Amplifying Youth Voices in the Developing World
New Directions for Youth Development Volume 116, ISSN 1533-8916
In the past few years, an explosion of user-generated content has flooded the Internet. The dramatic drop in the cost of digital video equipment and the increased accessibility of the Internet create a unique opportunity to allow youth to create meaningful content. Today youth around the world can leverage technological tools to give voice to their perspectives on social issues directly relevant to themselves and their communities. In economically depressed areas with low levels of literacy, youth are unequipped to share their ideas on how to improve their lives with the international and domestic donor communities. Outside of the spoken word, it is difficult for low-literacy youth to express their thoughts persuasively. Drafting letters, sending e-mails, and reading newspapers are not viable options for learning about and discussing issues pertaining to their community. However, many teenagers in socioeconomically depressed areas are prolific users of new media technologies, such as DVDs, video games, stereos, and television. Although these students are barely able to craft a grammatically correct sentence, they are experts in using a DVD player and Tetris on their mobile phones. Building on this knowledge of basic media functionality, youth with low levels of literacy can quickly learn to storyboard, film, and edit short documentaries that share vital information and illustrations from their daily lives in an unprecedented way. This article describes a program in Brazil that uses video technologies to develop a deliberate awareness among low-literacy youth of the educational process by which they can improve their lives. (Contains 3 figures and 6 notes.)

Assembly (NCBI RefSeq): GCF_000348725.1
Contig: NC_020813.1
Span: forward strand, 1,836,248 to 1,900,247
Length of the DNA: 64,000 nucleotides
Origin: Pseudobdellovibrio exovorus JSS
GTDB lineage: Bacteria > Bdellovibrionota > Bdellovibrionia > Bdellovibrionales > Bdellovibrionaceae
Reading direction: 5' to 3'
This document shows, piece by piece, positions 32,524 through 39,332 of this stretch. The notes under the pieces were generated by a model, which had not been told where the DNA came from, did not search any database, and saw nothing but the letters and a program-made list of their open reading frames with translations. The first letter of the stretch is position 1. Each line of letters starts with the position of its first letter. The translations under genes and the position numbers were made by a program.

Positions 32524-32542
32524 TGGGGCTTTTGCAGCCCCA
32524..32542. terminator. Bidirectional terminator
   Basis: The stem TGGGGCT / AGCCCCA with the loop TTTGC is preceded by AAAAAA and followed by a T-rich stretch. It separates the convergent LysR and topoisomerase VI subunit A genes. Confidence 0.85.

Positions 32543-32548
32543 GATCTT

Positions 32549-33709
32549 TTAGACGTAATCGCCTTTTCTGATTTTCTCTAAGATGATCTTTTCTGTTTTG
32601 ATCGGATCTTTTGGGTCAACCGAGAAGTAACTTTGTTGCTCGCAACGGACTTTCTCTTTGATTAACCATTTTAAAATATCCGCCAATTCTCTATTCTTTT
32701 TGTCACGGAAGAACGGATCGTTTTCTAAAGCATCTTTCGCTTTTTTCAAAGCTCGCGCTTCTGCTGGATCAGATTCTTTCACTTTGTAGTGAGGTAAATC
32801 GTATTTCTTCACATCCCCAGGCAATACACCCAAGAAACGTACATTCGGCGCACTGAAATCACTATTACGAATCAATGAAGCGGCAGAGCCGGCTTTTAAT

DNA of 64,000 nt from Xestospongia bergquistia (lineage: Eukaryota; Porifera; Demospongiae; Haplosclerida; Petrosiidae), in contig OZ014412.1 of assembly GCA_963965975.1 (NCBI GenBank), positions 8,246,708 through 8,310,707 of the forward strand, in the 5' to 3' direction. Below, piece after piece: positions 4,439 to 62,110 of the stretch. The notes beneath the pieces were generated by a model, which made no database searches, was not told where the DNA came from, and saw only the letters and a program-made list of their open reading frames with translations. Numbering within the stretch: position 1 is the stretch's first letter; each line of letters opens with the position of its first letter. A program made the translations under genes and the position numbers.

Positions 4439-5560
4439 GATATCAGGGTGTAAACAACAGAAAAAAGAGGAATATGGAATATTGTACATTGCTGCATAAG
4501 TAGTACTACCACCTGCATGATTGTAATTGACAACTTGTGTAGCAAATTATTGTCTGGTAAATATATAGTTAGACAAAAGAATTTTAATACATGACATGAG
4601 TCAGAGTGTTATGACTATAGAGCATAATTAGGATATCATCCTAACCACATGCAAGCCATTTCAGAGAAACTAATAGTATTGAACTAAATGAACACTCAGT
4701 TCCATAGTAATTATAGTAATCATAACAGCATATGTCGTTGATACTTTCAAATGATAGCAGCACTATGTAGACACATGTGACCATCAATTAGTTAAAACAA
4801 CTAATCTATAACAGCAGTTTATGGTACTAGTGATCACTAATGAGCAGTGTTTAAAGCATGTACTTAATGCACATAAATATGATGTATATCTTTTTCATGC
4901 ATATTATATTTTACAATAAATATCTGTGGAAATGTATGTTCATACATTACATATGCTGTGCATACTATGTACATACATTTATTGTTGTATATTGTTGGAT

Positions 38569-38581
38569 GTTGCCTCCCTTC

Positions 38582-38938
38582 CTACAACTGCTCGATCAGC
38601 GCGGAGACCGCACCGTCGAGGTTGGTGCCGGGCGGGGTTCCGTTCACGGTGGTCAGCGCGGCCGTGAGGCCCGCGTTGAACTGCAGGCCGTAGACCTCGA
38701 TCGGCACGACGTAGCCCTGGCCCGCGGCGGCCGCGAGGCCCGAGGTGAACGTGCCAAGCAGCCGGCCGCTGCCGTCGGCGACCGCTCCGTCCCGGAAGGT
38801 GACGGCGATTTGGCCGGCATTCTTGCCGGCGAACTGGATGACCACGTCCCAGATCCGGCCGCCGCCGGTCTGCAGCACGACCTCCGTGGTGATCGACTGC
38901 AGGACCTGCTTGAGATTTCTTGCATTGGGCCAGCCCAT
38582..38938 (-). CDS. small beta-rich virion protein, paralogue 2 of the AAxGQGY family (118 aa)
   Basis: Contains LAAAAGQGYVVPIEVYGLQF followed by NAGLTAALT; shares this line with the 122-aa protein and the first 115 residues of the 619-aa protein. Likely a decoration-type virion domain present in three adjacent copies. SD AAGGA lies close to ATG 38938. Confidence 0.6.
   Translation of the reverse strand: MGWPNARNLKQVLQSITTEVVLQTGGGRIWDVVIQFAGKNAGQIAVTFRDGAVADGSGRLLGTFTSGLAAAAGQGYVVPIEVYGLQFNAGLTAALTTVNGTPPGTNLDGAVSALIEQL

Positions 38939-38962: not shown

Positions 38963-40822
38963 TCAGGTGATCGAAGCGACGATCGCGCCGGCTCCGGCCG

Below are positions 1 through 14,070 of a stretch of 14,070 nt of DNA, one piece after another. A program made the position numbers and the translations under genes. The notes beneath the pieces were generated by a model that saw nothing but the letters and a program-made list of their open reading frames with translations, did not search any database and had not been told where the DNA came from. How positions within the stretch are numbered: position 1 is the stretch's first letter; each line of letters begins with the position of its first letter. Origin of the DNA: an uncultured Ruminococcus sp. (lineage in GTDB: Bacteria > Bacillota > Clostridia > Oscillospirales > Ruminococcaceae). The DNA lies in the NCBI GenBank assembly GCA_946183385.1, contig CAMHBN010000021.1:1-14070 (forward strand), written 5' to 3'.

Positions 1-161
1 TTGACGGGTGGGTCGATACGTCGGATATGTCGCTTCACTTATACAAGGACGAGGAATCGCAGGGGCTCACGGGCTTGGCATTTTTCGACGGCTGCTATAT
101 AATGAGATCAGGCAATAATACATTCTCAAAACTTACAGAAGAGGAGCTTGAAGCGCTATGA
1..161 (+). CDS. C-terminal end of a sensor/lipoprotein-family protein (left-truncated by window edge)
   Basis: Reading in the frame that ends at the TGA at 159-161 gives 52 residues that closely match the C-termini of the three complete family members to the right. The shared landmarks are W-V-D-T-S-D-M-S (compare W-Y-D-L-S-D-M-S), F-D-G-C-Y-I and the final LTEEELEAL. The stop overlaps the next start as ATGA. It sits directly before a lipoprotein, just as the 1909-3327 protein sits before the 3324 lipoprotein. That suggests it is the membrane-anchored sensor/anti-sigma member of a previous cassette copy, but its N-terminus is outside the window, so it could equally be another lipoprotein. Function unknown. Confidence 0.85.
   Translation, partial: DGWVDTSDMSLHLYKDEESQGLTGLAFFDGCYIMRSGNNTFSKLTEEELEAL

Fotenos, S. & Rohatgi, D. (2007). Amplifying Youth Voices in the Developing World. New Directions for Youth Development, 116, 117-126.